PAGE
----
I was asked to comment on an article called "What a Stanford Dean Says Parents are Doing That’s Ruining Their Kids"
Helicopter parenting says a lot more about the pilot of the machine than it does about your children. Whenever I speak to parents who are constantly "worrying"about how their children are doing academically and socially , I observe an adult desperately trying to: A. Rewrite there own life experiences or B. Using their role as a parent to fill their own needs in finding significance in their own lives - "Living through there children"
Take one week to just observe the people who you admire as successful functioning adults. Most, if not all will have learned one fundamental lesson as a child - Emotional resilience in the face of failure, in whatever form it manifests itself.
A low grade
Not invited to the party
Not chosen for the team
Not part of the IN crowd
Learning to manage failure is a key life skill that keeps your kids SAFE!
When they run or fly away from your nest, the world will most certainly be at times harsh and cruel. The kids that don't know what to do with those tremulous emotions when the going gets tough are AT RISK. Those are the kids that could develop mental health issues, become emotionally unbalanced and either withdraw or lose a sense of self. These are the kids that withdraw and find emotional solace from a computer screen or....take risks with sex, drugs and alcohol to dampen the fear of their negative feelings.
Teaching your children to love themselves and have empathy for themselves when the going gets tough is ....in my opinion the single most important life skill you can develop with and for them if you seek to have emotionally intelligent children who can function as adults in an ever demanding, changing world .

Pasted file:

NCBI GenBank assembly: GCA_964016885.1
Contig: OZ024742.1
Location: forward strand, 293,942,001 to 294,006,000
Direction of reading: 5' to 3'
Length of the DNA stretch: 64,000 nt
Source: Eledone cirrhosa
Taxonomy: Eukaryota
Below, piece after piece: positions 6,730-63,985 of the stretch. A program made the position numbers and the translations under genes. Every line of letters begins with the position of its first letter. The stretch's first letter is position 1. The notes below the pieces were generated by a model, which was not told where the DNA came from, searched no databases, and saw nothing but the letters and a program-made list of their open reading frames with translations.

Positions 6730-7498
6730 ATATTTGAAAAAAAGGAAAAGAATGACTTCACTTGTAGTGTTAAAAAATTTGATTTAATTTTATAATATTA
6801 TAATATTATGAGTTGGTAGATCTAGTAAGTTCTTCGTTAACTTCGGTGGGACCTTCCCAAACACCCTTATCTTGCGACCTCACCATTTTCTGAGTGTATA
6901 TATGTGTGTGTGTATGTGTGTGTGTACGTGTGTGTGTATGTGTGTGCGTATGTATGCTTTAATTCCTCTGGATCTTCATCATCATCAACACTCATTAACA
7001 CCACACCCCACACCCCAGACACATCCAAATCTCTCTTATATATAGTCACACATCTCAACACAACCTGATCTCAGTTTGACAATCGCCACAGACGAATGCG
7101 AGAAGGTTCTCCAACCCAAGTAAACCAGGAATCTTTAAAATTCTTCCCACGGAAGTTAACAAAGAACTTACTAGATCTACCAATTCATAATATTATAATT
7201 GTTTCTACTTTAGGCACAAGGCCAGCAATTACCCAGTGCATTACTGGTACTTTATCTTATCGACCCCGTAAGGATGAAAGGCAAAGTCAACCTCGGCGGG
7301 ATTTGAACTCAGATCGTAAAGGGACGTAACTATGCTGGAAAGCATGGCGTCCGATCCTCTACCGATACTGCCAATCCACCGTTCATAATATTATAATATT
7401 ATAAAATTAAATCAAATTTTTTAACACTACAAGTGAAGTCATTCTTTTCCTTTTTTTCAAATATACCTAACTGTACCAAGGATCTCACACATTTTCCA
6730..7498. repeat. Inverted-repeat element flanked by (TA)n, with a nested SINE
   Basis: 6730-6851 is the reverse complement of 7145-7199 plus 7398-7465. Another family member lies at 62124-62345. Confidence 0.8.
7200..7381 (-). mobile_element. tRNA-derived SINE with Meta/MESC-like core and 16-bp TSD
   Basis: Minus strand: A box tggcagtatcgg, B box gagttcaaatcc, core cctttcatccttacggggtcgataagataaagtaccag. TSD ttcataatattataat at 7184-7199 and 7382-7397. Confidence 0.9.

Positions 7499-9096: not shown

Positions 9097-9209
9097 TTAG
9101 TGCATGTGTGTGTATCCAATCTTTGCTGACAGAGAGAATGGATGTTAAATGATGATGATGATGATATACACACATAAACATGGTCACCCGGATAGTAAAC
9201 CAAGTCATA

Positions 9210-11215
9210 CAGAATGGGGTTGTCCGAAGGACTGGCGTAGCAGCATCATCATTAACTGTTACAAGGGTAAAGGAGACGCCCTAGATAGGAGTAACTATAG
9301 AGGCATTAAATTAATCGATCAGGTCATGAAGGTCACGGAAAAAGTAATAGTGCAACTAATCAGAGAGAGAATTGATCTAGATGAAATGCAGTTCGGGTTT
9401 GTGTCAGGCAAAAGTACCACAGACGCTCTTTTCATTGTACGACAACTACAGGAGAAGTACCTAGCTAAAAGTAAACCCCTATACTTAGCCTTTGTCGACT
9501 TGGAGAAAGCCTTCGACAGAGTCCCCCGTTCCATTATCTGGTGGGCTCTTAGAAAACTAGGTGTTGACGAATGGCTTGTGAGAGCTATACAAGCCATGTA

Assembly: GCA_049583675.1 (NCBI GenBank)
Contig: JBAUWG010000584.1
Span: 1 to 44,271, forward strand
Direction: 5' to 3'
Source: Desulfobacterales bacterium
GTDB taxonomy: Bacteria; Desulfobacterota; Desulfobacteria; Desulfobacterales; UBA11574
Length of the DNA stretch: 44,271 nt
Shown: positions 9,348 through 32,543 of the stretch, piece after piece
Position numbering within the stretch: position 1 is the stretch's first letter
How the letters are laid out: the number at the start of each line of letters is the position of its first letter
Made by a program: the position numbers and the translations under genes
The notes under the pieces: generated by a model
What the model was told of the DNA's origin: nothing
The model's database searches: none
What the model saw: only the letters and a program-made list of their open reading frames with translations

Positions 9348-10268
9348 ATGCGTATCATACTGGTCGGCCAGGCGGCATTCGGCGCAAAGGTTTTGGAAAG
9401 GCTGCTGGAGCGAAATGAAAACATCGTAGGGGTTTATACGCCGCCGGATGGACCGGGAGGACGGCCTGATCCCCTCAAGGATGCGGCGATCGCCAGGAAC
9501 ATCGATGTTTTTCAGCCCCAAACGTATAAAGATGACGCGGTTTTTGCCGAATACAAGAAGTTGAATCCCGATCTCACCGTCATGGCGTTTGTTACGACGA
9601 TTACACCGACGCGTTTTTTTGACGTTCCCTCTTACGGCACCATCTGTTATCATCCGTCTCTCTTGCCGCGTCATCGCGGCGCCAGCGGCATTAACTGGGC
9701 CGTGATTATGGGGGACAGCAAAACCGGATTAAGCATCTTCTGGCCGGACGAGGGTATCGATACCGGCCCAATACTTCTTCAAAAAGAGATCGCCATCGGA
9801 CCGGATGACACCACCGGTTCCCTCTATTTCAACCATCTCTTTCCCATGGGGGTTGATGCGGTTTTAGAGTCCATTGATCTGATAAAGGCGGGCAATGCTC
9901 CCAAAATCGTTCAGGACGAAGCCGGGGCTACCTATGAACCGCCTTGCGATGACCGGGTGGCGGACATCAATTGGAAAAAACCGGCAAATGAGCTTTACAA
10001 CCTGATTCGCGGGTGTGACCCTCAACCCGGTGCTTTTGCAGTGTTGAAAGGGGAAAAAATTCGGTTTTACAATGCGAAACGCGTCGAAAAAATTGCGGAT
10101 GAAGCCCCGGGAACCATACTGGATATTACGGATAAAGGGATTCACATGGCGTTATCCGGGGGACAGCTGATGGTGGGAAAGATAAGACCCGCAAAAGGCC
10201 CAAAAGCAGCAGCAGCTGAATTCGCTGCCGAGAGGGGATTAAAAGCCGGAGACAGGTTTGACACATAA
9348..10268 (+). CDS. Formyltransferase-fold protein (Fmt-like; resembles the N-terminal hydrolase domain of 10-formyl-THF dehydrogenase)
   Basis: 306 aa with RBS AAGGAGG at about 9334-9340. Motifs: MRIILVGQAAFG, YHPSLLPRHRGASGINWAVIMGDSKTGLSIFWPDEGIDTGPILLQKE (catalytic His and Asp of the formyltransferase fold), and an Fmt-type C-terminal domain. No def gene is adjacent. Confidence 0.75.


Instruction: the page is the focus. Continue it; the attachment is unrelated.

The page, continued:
Letting them fail may seem counter-intuitive to the job description of being a parent. It hurts like hell to stand by and literally watch it happen. But a meltdown at 5 years because the world isn't fair, guided by a parent who acknowledges the pain and explains the solution, is finding a different way to think, see and learn about FEELINGS.
Those are the parents who are teaching emotional resilience.
Diverting the pain with presents, redirect blame and excuses will be storing up a whole bag of rats for their child in adolescence and young adulthood.
It's not easy being a parent, I know only too well . I share my learning not because as parents we got it all right. Quite the contrary. We learned from some significant mistakes and misplaced understanding of unconditional love.
So before you go climbing into the cockpit of your Helicopter.......check the map!
Where exactly are you going and what kind of young adult will be at the end of this journey .